Purpose: To compare image quality in selective intracoronary contrast-injected computed tomography angiography (Selective-CTA) with that in conventional intravenous contrast-injected CTA (IV-CTA). Materials and Methods: Six pigs (35 to 40 kg) underwent both IV-CTA using an intravenous injection (60 mL) and Selective-CTA using an intracoronary injection (20 mL) through a guide-wire during/after percutaneous coronary intervention. Images of the common coronary artery were acquired. Scans were performed using a combined machine comprising an invasive coronary angiography suite and a 320-channel multi-slice CT scanner. Quantitative image quality parameters of CT attenuation, image noise, signal-to-noise ratio (SNR), contrast-to-noise ratio (CNR), mean lumen diameter (MLD), and mean lumen area (MLA) were measured and compared. Qualitative analysis was performed using intraclass correlation coefficient (ICC), which was calculated for analysis of interobserver agreement. Results: Quantitative image quality, determined by assessing the uniformity of CT attenuation (399.06 vs. 330.21, p<0.001), image noise (24.93 vs. 18.43, p<0.001), SNR (16.43 vs. 18.52, p=0.005), and CNR (11.56 vs. 13.46, p=0.002), differed significantly between IV-CTA and Selective-CTA. MLD and MLA showed no significant difference overall (2.38 vs. 2.44, p=0.068, 4.72 vs. 4.95, p=0.078). The density of contrast agent was significantly lower for selective-CTA (13.13 mg/mL) than for IV-CTA (400 mg/mL). Agreement between observers was acceptable (ICC=0.79±0.08). Conclusion: Our feasibility study in swine showed that compared to IV-CTA, Selective-CTA provides better image quality and re-quires less iodine contrast medium.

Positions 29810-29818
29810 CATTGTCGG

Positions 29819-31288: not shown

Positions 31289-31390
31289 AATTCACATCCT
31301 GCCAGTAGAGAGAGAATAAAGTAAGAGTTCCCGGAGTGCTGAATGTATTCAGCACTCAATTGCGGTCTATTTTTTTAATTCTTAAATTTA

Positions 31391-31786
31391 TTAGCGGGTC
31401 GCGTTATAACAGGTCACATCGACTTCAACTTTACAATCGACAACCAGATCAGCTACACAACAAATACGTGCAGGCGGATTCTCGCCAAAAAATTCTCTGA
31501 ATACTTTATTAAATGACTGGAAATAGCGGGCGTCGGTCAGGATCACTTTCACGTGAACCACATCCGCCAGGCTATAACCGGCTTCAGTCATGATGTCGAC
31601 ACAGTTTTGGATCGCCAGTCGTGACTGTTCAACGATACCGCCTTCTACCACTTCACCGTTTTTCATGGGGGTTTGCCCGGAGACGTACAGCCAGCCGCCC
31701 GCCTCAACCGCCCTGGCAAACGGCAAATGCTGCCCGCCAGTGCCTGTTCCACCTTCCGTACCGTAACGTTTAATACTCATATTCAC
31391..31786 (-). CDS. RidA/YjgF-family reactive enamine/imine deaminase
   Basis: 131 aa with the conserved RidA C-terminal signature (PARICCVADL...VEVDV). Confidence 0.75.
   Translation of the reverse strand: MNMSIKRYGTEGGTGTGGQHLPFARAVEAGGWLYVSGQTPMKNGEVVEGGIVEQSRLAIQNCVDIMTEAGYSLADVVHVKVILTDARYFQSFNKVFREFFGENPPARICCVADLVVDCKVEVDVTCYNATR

Bibliographical noteFunding Information:
This work was supported by the Korea Medical Device Development Fund grant funded by the Korea government (No. 202016B02; the Ministry of Science and ICT, the Ministry of Trade, Industry and Energy, the Ministry of Health & Welfare, Republic of Korea, the Ministry of Food and Drug Safety).
© Yonsei University College of Medicine 2021.
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